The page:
In this work, aiming at addressing seawater, a strategy is presented for the adoption of experimentally assessed mean activity coefficients, γ ± E x p . Primary potentiometric measurements were performed in a series of acidic aqueous solutions of known concentration, consistently approaching a seawater matrix, ASW, for the assessment of experimental values of the acidity function, p(aH+γCl−) and mean activity coefficients, γ ±   = ( γ H + γ C l ) . This allows evaluation of pmH+, with the corresponding uncertainty, without extra-thermodynamic assumptions, thus establishing full traceability to the mole. Mean activity coefficients can also be calculated, γ ± C a l c , upon taking into account a value of mH+ derived from the literature value for the acidity constant of the hydrogen sulphate ion, Ka (HSO4) [9]. Compatibility with mean activity coefficients calculated from the semi empirical Pitzer model equations γ ± P t z , validates the use of the model [10], also available for single ion activity coefficients.

2. Method

Primary pH = paH+ values, are conventionally assigned [2] to primary standard pH buffer solutions (S) of ionic strength, I ≤ 0.1 mol·kg−1, through a primary method, pH (S). This includes measurement of Harned cell (H+ sensitive hydrogen gas electrode and Cl sensitive silver, silver chloride electrode, without transference) potentials, E, calculations with the Nernst equation (Equation (1)) and adoption of extra-thermodynamic assumptions concerning models of electrolyte solutions, for the assignment of mean or single activity coefficients:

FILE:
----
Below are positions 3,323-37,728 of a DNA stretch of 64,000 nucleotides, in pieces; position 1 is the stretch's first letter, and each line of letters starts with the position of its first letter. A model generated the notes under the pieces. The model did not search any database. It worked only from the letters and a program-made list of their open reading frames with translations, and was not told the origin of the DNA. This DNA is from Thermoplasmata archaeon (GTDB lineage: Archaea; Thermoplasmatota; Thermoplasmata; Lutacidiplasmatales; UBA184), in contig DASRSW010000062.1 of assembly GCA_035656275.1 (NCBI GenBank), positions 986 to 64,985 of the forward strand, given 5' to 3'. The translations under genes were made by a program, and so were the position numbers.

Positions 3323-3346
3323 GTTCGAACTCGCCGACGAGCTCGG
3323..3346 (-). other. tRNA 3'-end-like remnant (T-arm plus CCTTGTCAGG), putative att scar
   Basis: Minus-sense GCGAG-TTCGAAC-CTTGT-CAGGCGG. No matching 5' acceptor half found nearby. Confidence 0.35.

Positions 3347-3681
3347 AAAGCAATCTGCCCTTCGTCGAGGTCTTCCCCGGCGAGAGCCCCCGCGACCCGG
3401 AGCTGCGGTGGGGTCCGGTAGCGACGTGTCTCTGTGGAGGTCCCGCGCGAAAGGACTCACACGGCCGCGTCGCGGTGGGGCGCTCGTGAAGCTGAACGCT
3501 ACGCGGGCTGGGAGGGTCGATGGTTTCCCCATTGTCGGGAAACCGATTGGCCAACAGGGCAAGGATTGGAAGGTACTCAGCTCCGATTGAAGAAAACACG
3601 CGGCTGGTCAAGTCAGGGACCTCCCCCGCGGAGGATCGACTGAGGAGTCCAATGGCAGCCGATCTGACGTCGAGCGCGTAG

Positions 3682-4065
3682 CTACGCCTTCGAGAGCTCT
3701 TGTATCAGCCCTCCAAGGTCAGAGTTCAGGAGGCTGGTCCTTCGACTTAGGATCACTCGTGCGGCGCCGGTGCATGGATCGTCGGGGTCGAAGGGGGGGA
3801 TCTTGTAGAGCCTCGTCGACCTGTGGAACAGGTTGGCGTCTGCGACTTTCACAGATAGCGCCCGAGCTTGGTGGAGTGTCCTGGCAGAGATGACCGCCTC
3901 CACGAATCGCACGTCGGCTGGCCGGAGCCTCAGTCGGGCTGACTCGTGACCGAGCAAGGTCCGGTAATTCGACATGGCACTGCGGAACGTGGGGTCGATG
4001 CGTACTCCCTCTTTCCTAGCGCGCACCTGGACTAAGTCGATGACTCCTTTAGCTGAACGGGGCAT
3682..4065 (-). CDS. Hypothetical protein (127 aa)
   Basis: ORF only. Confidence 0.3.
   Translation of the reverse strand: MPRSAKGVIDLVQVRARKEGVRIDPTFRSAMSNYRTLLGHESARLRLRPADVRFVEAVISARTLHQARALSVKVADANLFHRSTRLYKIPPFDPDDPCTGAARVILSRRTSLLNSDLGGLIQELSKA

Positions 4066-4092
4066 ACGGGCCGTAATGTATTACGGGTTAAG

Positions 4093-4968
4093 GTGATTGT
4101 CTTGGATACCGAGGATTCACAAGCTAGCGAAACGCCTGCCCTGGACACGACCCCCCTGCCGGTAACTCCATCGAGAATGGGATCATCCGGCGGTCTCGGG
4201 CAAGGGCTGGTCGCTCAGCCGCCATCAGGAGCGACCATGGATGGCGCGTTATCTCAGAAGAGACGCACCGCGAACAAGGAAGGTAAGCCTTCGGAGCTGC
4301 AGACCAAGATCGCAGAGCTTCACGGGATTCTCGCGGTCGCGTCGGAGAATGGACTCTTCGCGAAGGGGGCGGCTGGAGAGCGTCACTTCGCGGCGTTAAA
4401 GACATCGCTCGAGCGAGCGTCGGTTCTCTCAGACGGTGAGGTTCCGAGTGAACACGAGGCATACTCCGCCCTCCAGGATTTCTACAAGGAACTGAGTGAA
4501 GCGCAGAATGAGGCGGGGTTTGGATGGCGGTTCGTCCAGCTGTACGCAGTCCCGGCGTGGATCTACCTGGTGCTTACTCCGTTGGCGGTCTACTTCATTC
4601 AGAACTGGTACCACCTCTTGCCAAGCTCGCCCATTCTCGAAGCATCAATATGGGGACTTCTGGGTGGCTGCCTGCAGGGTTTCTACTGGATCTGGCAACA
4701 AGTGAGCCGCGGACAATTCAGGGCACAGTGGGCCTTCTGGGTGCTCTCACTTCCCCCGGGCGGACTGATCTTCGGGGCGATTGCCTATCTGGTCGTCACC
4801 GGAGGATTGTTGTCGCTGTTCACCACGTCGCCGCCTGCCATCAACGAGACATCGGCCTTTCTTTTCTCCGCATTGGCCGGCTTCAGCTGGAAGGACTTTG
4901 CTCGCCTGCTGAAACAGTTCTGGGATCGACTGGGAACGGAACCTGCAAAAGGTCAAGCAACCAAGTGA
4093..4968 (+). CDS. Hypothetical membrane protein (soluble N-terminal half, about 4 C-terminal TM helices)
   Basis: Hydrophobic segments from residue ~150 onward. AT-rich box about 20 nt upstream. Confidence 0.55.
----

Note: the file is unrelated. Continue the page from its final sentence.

Pt  |H 2 |  H +  buffer S,  Cl ( m c l ) |AgCl| Ag E = E 0 A g ,   A g c l ( R   T   F ln 10 ) l g ( a H + a C l )
where E0 is the standard cell potential, assessed from measurement in 0.01 mol·kg−1 HCl, R is the gas constant, T is the absolute temperature and F is the Faraday constant.
This equation can be rearranged to give the acidity function, p(aH+γCl−), (Equation (2)):
−lg(𝑎H+𝛾Cl−) = p(𝑎H+𝛾Cl−)
solely expressed in terms of experimentally available quantities:
p ( a H + γ C l ) = E     E 0 [ ( R T F ) ln 10 ] + lg ( m C l )
pH (S) values can be calculated from the acidity function by adoption of a conventional value to the activity coefficient of the chloride ion, γCl−.
H (S) = p𝑎H+ = − lg(𝑎H+𝛾Cl−) +lg𝛾Cl−
By adopting the purely electrostatic Debye-Hückel model with the Bates–Guggenheim convention for the chloride ion, γCl−, valid to ionic strengths, I, below 0.1 mol·kg−1, and assuming the value 0.01 in pH for the respective uncertainty, pH becomes traceable to the internationally accepted SI [2]. Above this value, the model is no longer valid and the use of the Pitzer model [8] has been debated.
The experimental procedure is, nevertheless, the basis for the assessment of the mean activity coefficient, γ ±   = ( γ H + γ C l ) , for solutions of known mCl− and mH+, independent of model assumptions:
E = E 0 Ag ,  AgCl ( T   F   ln 10 )   lg ( m H +   m Cl   γ H +   γ Cl )
E = E 0 Ag ,  AgCl ( T   F   ln 10 )   lg ( m H +   m Cl   γ ± 2 )
γ ± = 10 ( E E 0 Ag ,  AgCl + ( T   F   ln 10 ) lg ( m H +   m Cl ) ( 2 T   F   ln 10 ) ) = 10 ( E E 0 Ag ,  AgCl   ( 2 R   T   F   ln 10 )   + lg ( m H +   m Cl ) )
Since it is:
p ( a H + γ Cl ) =   lg ( m H +  γ H +  γ Cl ) =   lg ( m H +  γ ± 2 )  
p(𝑚H+) = − lg𝑚H+ = p(𝑎H+𝛾Cl−) + 2lg𝛾± = p𝑚H (S)